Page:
Baby wipes are meant to reduce rashes and itchiness in children, but it turns out that some wipes may be doing the opposite.
According to a study published in Pediatrics, researchers argued that a preservative called methylisothiazolinone (MI) found in many wet wipes can cause acute contact dermatitis – a localized rash or irritation of the skin, CBC News reported. The study’s authors said these irritations are often misdiagnosed as eczema, impetigo or psoriasis.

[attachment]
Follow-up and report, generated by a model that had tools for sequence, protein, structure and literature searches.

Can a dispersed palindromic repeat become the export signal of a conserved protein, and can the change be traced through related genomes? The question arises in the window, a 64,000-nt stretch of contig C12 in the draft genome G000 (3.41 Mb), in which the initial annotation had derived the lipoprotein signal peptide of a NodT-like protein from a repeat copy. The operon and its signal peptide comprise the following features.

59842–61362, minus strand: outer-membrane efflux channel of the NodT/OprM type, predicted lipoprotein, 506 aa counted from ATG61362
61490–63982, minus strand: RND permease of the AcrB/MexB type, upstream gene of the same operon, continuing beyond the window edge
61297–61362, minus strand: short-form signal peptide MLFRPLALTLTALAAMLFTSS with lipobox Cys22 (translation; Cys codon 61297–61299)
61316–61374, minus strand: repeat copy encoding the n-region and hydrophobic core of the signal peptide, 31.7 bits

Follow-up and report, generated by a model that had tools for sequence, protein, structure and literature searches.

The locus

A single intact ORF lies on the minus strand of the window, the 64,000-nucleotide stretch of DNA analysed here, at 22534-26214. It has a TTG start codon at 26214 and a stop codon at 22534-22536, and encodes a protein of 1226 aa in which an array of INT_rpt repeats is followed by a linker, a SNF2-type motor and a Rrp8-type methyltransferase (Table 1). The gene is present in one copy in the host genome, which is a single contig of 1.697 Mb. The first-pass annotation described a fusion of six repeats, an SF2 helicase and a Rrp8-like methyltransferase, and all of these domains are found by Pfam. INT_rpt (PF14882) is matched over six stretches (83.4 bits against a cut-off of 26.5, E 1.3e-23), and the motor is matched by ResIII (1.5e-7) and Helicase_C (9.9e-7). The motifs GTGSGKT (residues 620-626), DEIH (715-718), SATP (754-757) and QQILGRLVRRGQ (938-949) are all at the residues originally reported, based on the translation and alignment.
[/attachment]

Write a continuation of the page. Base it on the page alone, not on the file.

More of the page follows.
"Dermatitis of the perianal, buttock, facial, and hand areas with a history of wet wipe use should raise suspicion of [acute contact dermatitis] to MI and prompt appropriate patch testing," wrote Dr. Mary Chang and Radhika Nakrani of the University of Connecticut School of Medicine in Farmington, Conn.
In their study, Chang and her colleagues detailed six U.S. children who had been diagnosed with acute contact dermatitis as a result of MI in wet wipes. The allergies were confirmed with MI patch tests, and all the reactions cleared up quickly once parents stopped using baby wipes.
The researchers also noted that many baby wipes undergo extensive testing and typically don’t cause reactions in babies.